Catalonia’s fugitive former president has called for Spanish authorities to open negotiations regarding the restitution of what he calls his “legitimate government.” Carles Puigdemont said via social media channels from Brussels yesterday that Spain should “recognise the election results of December 21 and start negotiating politically with the legitimate government of Catalonia.” Spanish Prime Minister Mariano Rajoy deposed Puigdemont and his cabinet after Catalonia’s regional parliament voted in favour of a declaration of independence from the rest of the country in October. But pro-secession parties, including one led by Puigdemont, won the most seats in elections last week. Puigdemont fled to Belgium to avoid a judicial investigation into suspicions of rebellion by him and his government. He did not say if he plans to return to Spain, where an arrest warrants awaits him. Rajoy said on Friday that he plans to convene Catalonia’s newly elected parliament on January 17.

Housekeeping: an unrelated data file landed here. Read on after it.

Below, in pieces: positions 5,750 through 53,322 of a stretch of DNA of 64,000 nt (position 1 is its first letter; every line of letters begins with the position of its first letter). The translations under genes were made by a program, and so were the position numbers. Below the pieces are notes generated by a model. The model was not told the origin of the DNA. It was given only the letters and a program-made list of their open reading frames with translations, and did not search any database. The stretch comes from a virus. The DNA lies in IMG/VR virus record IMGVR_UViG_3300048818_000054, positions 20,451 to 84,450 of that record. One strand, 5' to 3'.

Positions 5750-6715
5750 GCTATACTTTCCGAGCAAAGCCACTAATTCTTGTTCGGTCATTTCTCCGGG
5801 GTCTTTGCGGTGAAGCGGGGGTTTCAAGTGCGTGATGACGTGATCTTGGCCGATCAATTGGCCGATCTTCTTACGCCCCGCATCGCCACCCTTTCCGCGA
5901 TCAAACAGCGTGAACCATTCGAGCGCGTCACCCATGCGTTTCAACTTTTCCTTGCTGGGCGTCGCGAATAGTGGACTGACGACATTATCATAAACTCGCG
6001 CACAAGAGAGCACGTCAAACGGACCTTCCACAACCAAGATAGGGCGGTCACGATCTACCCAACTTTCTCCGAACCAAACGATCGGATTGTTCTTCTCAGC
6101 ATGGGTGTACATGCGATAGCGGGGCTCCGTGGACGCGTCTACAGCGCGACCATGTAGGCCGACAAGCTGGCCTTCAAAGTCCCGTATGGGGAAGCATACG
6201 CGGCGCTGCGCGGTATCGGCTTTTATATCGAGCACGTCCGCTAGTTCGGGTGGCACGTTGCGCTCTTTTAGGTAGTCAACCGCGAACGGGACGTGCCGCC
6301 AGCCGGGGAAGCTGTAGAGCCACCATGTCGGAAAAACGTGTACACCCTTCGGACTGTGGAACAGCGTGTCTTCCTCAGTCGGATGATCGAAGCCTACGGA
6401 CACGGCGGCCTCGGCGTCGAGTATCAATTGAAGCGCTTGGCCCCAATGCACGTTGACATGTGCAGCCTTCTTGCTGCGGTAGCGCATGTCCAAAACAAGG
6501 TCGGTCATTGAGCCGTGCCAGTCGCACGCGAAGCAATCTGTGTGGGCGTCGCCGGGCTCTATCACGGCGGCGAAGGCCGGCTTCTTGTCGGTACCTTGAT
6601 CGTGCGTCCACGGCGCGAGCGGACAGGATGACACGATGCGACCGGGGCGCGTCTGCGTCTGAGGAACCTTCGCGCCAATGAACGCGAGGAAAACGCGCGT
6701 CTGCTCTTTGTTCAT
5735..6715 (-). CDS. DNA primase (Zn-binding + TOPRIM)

In-house rules of Catalonia’s parliament require that a candidate to form a government be present.